When the filmography of Eddie Murphy is held up for consideration, 1995’s Vampire In Brooklyn, directed by horror maestro Wes Craven, stands out as a particularly odd aberration. Not particularly funny, nor dramatic, nor thrilling, it befuddled audiences and critics alike, and is remembered (if at all) as a misfire in the actor’s canon. It’s the kind of movie that makes you think, “Didn’t anyone realize what was happening when this was being made?” (In that sense, it’s a perfect candidate for the How Did This Get Made? podcast.) After all, surely the people involved had a sense that nothing was really working.
Now, thanks to Hopes&Fears, we’ve got an oral history of the making of Vampire In Brooklyn that confirms exactly what you’d suspect—namely, that this project was doomed almost from the beginning. It’s a deliciously juicy exposé of the clashing ideas and egos at work behind the scenes of the troubled production. An early quote from one of the guys brought in to work on Charlie Murphy’s script sums it up nicely: “Paramount said to us, in our first meeting about Vampire In Brooklyn, ‘We want this movie to be funny. Eddie Murphy does not want to be funny. It’s your job to trick him into being funny.’ Uh, okay. Somehow they thought we’d be able to do this.”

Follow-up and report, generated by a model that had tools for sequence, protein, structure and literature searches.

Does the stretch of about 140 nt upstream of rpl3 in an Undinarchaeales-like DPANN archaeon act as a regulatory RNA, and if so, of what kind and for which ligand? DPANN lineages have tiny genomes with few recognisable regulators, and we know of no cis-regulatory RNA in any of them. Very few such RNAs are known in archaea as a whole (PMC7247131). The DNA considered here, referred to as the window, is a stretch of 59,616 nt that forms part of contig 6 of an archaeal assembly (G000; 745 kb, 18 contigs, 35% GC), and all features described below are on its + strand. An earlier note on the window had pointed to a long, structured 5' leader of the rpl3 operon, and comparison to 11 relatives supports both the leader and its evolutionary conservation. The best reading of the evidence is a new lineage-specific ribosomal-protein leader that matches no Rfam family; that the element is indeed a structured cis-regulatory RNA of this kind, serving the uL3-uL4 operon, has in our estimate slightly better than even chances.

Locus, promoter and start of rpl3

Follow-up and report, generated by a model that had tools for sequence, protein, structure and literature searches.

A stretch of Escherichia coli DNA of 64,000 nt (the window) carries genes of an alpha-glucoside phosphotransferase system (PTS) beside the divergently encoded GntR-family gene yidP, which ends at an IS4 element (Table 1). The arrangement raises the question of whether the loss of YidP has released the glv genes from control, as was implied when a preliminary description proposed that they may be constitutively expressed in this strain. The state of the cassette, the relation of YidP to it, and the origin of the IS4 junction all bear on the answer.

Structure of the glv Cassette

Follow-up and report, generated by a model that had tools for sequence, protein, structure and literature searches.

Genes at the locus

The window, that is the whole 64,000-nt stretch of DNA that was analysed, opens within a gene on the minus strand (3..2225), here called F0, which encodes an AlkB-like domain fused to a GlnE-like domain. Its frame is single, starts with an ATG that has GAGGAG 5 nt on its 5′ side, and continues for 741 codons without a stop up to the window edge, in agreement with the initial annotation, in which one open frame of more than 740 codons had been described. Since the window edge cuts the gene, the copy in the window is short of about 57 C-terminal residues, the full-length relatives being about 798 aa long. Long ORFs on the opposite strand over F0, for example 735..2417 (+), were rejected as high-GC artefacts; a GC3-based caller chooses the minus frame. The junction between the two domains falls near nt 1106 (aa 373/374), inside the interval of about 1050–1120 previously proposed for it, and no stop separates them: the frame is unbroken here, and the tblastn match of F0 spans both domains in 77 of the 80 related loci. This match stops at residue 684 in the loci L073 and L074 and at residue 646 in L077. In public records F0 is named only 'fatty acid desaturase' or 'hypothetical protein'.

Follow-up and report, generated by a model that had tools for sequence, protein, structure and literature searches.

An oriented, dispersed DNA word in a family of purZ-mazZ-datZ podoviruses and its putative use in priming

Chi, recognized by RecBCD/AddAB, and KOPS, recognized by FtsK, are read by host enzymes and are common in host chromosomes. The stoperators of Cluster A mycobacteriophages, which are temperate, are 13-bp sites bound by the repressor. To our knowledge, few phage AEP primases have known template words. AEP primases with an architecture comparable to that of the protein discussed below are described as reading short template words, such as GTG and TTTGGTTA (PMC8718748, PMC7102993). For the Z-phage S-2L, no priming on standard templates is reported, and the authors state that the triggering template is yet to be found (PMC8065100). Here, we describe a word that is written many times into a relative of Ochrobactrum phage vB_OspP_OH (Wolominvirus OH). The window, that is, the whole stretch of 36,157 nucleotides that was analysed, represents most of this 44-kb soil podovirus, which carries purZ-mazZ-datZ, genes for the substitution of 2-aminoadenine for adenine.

There’s also a hefty dose of blame to be laid directly at the comic superstar’s feet: “You know the opening scene, where the ship is coming into harbor, and you see the Statue Of Liberty and the World Trade Center? We shot that in Long Beach, California. We lit up the whole deal, smoked it up, and we were ready for Eddie. Then we get a call. ‘Eddie’s still at home.’ You mean in Beverly Hills?” The whole thing is a delight, and a reminder that sometimes, all the money in the world can’t corral the average Hollywood ego.